Fish company to make statement Published: 26 January, 2007
Ian Botham opened the factory, following its refurbishment
A KEY Grimsby fish processor is reported to be preparing a statement over its future, giving rise to fears about further job losses in the Humber seafood trade.
The company is Seabay Quickfish. They employ just over 100 people and have a combined turnover approaching £30-million.
The Norwegian owned factory on the North Wall of Grimsby Fish Docks is a major producer for the export market and for French supermarkets in particular. The company is expected to issue a statement either later today or early next week.
Seabay is a private trading company which has been established in the port for more than 20 years. It describes itself as an innovative processor of frozen fish products for both the retail and food service markets throughout Europe.
The factory went through a multi-million pound refurbishment over a decade ago, which was opened by England cricketing legend Ian Botham.
Seabay is part of the larger Norway Sjovik Group which operates an international fishing fleet and enterprise on the country’s West Coast. geographically, it puts the company at the heart of Norway’s main fishing region. Seabay and Quickfish merged their interests over a year ago.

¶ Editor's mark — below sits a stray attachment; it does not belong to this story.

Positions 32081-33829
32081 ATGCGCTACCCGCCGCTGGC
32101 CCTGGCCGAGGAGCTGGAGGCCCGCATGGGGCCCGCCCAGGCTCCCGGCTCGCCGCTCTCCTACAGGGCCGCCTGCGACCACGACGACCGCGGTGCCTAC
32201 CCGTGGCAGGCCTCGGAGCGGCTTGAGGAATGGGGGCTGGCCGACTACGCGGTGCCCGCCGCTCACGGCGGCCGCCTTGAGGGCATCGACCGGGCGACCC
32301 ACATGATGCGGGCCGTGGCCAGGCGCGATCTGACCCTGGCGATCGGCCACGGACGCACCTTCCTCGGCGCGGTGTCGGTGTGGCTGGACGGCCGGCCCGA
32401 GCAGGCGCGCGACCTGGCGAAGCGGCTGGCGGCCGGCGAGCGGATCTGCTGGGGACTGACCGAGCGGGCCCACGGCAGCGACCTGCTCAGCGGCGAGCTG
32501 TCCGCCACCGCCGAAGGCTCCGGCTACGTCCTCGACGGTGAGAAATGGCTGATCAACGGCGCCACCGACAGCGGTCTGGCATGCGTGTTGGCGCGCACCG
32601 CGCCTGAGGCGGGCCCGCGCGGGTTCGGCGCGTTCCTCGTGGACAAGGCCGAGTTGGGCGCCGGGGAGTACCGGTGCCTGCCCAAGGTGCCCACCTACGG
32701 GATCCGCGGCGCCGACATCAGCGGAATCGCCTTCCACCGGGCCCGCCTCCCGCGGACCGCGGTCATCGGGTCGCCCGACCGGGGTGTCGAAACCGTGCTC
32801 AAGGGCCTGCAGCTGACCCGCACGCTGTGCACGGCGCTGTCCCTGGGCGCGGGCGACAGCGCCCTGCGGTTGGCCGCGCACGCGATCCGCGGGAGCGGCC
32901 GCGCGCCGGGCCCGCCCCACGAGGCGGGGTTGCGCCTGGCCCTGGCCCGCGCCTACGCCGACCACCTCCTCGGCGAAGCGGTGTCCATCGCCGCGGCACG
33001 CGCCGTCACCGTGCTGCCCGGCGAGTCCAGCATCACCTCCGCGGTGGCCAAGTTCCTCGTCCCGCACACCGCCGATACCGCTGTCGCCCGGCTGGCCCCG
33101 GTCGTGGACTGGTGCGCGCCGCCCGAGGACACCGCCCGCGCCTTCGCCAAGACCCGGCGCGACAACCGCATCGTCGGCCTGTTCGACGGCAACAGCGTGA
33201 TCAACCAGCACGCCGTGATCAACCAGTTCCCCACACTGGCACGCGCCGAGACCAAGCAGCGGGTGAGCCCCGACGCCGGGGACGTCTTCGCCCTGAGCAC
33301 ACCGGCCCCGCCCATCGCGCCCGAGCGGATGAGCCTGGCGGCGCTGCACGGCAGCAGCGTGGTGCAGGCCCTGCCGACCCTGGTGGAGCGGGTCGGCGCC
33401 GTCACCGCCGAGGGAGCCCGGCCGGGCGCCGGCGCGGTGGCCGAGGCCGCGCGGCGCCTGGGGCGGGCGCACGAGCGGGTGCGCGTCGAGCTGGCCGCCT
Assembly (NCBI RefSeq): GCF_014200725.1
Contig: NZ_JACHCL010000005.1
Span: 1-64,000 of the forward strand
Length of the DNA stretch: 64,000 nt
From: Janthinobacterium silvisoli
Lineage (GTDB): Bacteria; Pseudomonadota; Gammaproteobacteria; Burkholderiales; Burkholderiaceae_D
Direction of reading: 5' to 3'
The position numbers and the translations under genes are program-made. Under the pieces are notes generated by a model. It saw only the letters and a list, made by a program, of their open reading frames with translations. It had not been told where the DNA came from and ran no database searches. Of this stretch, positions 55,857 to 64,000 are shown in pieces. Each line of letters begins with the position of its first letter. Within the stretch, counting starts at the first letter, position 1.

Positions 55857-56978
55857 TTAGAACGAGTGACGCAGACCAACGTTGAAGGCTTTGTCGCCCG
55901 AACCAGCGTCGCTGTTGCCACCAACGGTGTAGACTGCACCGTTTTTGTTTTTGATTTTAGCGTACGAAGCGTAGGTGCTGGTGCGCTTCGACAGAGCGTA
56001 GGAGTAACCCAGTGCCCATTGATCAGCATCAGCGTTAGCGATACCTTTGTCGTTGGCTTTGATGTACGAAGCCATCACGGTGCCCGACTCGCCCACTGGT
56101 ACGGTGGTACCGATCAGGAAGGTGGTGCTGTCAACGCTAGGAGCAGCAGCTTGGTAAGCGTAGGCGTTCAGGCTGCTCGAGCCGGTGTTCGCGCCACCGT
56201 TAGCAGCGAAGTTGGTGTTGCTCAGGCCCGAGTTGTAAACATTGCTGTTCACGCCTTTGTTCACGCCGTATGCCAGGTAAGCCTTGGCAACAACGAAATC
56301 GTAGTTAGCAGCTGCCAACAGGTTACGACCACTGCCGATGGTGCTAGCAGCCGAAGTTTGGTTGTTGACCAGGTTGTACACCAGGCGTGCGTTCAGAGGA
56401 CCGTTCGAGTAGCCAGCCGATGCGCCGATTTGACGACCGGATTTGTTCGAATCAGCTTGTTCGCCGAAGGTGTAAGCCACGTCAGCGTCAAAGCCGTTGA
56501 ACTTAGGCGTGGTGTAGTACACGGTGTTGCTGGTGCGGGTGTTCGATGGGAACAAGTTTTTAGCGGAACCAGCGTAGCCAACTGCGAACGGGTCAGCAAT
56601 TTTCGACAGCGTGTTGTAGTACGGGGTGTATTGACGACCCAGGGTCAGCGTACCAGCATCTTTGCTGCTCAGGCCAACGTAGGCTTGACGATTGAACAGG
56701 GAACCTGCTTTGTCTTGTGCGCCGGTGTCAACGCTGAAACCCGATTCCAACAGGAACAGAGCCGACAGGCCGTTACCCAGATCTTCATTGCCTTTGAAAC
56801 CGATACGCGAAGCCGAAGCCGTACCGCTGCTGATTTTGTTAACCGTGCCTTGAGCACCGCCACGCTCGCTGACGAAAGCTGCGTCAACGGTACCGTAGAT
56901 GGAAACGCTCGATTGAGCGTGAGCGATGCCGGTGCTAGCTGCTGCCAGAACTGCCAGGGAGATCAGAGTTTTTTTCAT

The Grimsby operation produces breaded and battered fish portion along with other seafood products. It has comprehensive selection of fish and shellfish including IQF plain fillets, scampi and prawn products.
The Humber seafood industry has been hit by a series of job cutbacks in recent weeks with the closure of the Birds Eye factory in Hull where 650 people are employed. And this week Young’s Bluecrest announced it was closing its factory in Gillett Street, Hull with the loss of some 200 jobs. The operation will be moved to Grimsby, creating 135 jobs on the South Bank.
Because of rising fish prices and soaring energy costs, seafood companies are coming under increasing pressure to reduce overheads and increase efficiency – and labour cutbacks are the first target.
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